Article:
Unexpected feminism in horror film ‘Barbarian’



Georgina Campbell in the film “Barbarian.”

Taleise Lawrence, Assistant Editor

“Barbarian” was the scariest movie I’ve ever watched in my life. When I left the theater, my knees were weak. I could barely walk, and I almost threw up. My friends were in similar states. And yet, I went to see it a second time.
Zach Cregger’s film was full of twists. The trailer leads people to think they’re in for a slasher. Tess, played by Georgina Campbell, shows up late at night to the Airbnb she booked.
When she arrives, there is another person already staying there. Keith, played by Bill Skarsgård, is more than willing to share the house for the night. Tess is skeptical, but ultimately and with much hesitation, ends up spending the night with him.
Most people would likely assume what I did; Keith is the villain in this story. This classic set up for a slasher film, paired with Skarsgård’s reputation as a horror actor, makes the audience think they know exactly what will happen next. But this film doesn’t follow the typical patterns.
If you haven’t seen the movie yet, I would recommend stopping here. This review is not spoiler free; you have been warned.
When Tess accidentally locks herself in the basement while looking for toilet paper, she discovers a hidden underground hallway. At the end of this tunnel-esque walkway is a room where bad things have clearly happened. Like most people, Tess freaks out and wants to leave the Airbnb as soon as possible. Keith wants to see the room for himself before he leaves. This is where everything starts to really go downhill.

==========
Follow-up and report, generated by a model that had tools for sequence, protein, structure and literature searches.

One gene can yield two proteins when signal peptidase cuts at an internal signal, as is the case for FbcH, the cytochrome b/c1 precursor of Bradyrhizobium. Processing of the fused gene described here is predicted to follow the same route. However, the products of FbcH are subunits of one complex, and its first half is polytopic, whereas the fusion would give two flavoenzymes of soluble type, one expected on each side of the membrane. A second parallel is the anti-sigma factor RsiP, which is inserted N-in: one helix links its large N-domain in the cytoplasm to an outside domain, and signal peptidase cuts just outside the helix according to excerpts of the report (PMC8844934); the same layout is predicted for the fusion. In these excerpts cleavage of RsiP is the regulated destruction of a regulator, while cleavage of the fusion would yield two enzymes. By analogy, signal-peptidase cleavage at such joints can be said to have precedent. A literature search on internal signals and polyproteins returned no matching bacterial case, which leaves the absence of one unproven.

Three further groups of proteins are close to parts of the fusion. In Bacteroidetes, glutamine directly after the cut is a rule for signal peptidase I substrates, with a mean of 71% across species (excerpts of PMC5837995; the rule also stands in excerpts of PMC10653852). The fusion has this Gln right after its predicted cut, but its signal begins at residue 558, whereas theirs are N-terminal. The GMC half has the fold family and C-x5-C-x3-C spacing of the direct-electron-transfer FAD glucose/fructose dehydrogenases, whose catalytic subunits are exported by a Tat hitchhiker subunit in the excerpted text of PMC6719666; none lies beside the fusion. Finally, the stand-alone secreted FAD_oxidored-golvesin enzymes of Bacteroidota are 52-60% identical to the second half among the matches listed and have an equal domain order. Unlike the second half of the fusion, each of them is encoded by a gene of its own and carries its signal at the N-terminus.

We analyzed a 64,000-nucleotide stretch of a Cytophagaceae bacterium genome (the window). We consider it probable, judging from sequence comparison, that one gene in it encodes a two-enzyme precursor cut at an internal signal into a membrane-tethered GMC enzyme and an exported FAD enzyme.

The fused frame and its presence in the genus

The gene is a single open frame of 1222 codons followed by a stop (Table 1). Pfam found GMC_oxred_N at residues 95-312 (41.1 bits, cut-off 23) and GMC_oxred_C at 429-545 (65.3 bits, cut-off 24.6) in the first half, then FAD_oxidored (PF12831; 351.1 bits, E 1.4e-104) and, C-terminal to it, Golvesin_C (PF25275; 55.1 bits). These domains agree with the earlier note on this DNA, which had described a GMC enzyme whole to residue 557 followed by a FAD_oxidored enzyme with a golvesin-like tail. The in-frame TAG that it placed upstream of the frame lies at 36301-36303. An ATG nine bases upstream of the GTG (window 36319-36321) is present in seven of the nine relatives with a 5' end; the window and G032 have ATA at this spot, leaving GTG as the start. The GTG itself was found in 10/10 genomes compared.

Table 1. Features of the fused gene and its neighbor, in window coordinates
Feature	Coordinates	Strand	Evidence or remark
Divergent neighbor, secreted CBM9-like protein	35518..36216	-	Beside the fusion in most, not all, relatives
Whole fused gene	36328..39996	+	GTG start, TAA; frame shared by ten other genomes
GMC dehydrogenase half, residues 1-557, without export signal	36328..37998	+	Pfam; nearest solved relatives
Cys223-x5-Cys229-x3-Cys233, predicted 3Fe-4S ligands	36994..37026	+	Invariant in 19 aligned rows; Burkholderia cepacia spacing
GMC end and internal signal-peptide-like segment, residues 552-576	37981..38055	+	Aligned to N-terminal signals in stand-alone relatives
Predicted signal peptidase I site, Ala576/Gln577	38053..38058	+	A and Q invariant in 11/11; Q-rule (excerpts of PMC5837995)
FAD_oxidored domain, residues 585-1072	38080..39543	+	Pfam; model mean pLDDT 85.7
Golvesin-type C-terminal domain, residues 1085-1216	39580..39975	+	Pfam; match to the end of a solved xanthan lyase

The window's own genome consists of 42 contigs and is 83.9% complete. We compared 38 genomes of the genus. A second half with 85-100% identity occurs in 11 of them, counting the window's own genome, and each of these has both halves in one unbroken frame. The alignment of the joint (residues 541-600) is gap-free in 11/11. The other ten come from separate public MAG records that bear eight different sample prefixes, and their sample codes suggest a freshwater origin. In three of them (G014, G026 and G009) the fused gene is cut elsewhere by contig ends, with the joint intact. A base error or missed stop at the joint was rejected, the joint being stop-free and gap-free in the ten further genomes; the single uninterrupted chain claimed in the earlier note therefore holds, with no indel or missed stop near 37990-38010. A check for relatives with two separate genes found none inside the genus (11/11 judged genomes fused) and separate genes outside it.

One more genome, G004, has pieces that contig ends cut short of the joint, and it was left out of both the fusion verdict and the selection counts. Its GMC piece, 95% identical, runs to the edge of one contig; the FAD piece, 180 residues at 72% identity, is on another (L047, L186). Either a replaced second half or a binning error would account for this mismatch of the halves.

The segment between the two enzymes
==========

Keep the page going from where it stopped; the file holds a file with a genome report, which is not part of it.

The Mother is lurking in the tunnels under the town. Having clearly never seen the light of day, her skin and eyes are pale and her hair is patchy. She stands almost 7 feet tall, with super strength and speed. You might think that she is the monster in this movie.
But she’s really not the monster, despite killing multiple people. At the end of the movie, we find out that the Mother is just as imprisoned as her victims were. Her father was an abusive man who did not have any empathy or love for her. He gave her a video on how to care for a newborn, and that was all she watched for 40 years. The Mother never wanted to kill people; she just wanted to have a baby and protect it. It was all she knew how to do.
The whole movie builds on the idea that men do not take women seriously or consider the dangers of being a woman. Keith doesn’t understand why Tess would be wary of spending the night with a stranger. AJ isn’t concerned about the creepy underground space; he simply measures the dimensions to make more money when he lists his house.
Andre dismisses Tess’ concerns about the Mother finding them.
Eventually, all the male characters die. They won’t listen or adapt to their environment like she did. Tess is the only one standing at the end.
The most heartbreaking scene was the last one. Tess knows she must kill the Mother if she wants to live. The Mother is clearly aware that she is going to die, but she allows Tess to shoot her anyway.
The final thing she does is give Tess a boop on the nose and say “buh-bye” before she dies. She gave up her own life to see her “child” live a good one, exactly like a parent would. Though the Mother never had a family of her own, she cared for and protected Tess like she was her own child in the only way she knew how.
This was definitely a horror film. At the same time, it was a story of the struggle of motherhood and of being a woman in a world where men do not believe you. I recommend seeing this movie, even if you’re a scary movie wimp like me.